Snakes in Russia: Discovering Its Various Snake Species

When we think of Russia, the first thing that comes to mind is usually snow-covered landscapes and big, fearsome animals like the Siberian tiger or the snow leopard. But Russia’s varied landscape–from deserts to marshes to mountains–makes it a great home for a wide variety of snakes.

About 50 species of snakes live in Russia, and because of the country’s varied landscapes, they are very distinct from each other in physical appearance and behavior. Among these 50 species, there are about 11 venomous species, such as the Common European Adder.

This article will discuss the most commonly found species, as well as the ones that you should steer clear of, what they look like, how they behave, and where they live. Read on to learn more about the snakes that call Russia home.

1. Common European Adder

One of Russia’s most common snake species is the Common European Adder. It’s also called the Common Northern Viper and has the scientific name Vipera berus

The species can also be found in Europe, Africa, and Asia. And because of their numbers, they are not considered endangered.

Physical Appearance

This venomous snake grows large and heavy-bodied, up to 35.43 in (90 cm) in length in adulthood. 

Its color patterns also vary from snake to snake, with some having light-colored bodies with dark brown zigzag patterns throughout their length, while others have very faint markings. Some adders also appear to be completely black with no apparent dorsal markings.


Sleep patterns of the Common European Adder vary depending on where they live. Those in the north are diurnal, meaning they are awake during the day. Meanwhile, those found in the southern regions of the country are nocturnal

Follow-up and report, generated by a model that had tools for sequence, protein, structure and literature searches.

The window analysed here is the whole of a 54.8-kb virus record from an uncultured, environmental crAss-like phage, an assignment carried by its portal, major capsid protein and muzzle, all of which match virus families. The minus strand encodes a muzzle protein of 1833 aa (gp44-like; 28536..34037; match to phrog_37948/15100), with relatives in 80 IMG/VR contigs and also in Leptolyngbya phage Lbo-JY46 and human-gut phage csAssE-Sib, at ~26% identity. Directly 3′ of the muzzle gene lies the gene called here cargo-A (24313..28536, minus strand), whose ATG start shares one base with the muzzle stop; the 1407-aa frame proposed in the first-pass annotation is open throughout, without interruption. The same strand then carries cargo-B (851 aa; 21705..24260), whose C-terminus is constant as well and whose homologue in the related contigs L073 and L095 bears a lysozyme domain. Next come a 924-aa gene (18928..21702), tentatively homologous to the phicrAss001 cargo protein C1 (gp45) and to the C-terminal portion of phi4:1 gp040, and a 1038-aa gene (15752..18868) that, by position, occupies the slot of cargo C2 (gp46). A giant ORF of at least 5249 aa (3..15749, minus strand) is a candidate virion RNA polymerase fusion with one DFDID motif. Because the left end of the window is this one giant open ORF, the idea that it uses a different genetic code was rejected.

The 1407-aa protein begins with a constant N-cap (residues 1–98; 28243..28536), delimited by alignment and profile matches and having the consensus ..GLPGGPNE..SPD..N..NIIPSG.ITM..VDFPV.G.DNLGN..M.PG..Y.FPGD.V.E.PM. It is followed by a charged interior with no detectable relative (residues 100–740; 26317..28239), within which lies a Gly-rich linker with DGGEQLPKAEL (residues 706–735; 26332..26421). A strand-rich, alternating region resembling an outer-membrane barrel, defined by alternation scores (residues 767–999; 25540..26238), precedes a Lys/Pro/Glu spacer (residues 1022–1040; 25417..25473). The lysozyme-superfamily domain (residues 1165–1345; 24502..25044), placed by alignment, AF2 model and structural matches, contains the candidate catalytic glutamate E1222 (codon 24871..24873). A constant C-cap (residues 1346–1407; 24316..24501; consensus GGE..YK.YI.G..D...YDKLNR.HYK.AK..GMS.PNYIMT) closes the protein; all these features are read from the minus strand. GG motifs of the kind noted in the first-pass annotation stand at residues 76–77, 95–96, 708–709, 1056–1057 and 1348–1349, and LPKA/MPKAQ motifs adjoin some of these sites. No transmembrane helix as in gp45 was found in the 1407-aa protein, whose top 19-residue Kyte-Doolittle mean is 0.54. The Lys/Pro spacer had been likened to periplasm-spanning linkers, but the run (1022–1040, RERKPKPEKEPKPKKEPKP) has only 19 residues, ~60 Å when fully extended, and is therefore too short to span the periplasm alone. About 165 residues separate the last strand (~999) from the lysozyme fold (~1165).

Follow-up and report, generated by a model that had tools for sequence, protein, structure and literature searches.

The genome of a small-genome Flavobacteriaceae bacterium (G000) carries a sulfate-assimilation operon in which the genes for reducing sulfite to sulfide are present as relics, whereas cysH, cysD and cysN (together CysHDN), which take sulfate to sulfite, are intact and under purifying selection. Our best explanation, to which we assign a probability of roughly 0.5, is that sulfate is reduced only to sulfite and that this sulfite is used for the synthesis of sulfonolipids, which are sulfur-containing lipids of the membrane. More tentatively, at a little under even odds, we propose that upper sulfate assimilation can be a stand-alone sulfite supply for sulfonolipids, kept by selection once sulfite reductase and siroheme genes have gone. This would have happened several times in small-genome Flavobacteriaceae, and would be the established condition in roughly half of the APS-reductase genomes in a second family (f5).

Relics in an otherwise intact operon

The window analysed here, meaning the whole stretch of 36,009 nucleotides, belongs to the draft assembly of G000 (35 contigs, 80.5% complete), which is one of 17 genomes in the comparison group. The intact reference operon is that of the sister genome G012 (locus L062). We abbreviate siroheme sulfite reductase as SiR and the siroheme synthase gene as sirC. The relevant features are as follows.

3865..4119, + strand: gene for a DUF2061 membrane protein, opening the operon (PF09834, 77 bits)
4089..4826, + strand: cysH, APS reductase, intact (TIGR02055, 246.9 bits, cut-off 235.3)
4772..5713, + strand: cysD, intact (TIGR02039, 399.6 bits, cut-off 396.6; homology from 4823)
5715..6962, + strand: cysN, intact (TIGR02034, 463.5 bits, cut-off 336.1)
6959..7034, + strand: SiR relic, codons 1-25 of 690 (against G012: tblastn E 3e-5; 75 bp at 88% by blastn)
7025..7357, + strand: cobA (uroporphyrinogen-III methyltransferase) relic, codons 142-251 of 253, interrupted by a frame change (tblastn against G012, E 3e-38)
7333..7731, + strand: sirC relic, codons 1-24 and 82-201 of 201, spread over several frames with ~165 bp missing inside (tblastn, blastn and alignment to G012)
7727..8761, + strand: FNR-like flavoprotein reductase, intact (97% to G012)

They also prefer to be solitary and come together only during the breeding and hibernation seasons. They are ambush predators that usually eat small mammals, like rodents, but they have also been reported to feed on birds. 


The Common European Adder is largely terrestrial and can be found in forests, woodlands, and temperate grasslands. Unfortunately, with the human invasion of their natural habitat, many of these snakes may now be seen in residential areas

Although not as aggressive as other snakes, they should be avoided at all costs because they will bite when threatened, and their venom is dangerous to human beings. People who’re bitten experience severe pain and dizziness, but the venom is usually not life-threatening. 

2. Siberian Pit Viper

In contrast to the first snake species is the rarely seen Siberian Pit Viper, with the scientific name Gloydius halys. This viper is another venomous snake rarely seen because of its secretive nature and preference for hiding from sight. 

The Siberian Pit Viper can be found not only in Russia but in some parts of Asia and are not of any concern conservation-wise.

Physical Appearance

The Siberian Pit Viper typically grows up to 23.23 in (59 cm) in length and comes in various colors, such as gray, light brown, reddish, and yellowish. They also have a distinct stripe behind their eye and two other parallel stripes above and below. 

They also have dark crossbars or spots; when viewed from the side, it can look like their snouts are slightly upturned.


The Siberian Pit Viper is rarely observed, so very little is known about their eating habits or venom aside from the venom being poisonous and even lethal for their prey. 

It’s believed, however, that Siberian Pit Vipers feed on small mammals, but some have been reported to feed on bats and amphibians like frogs.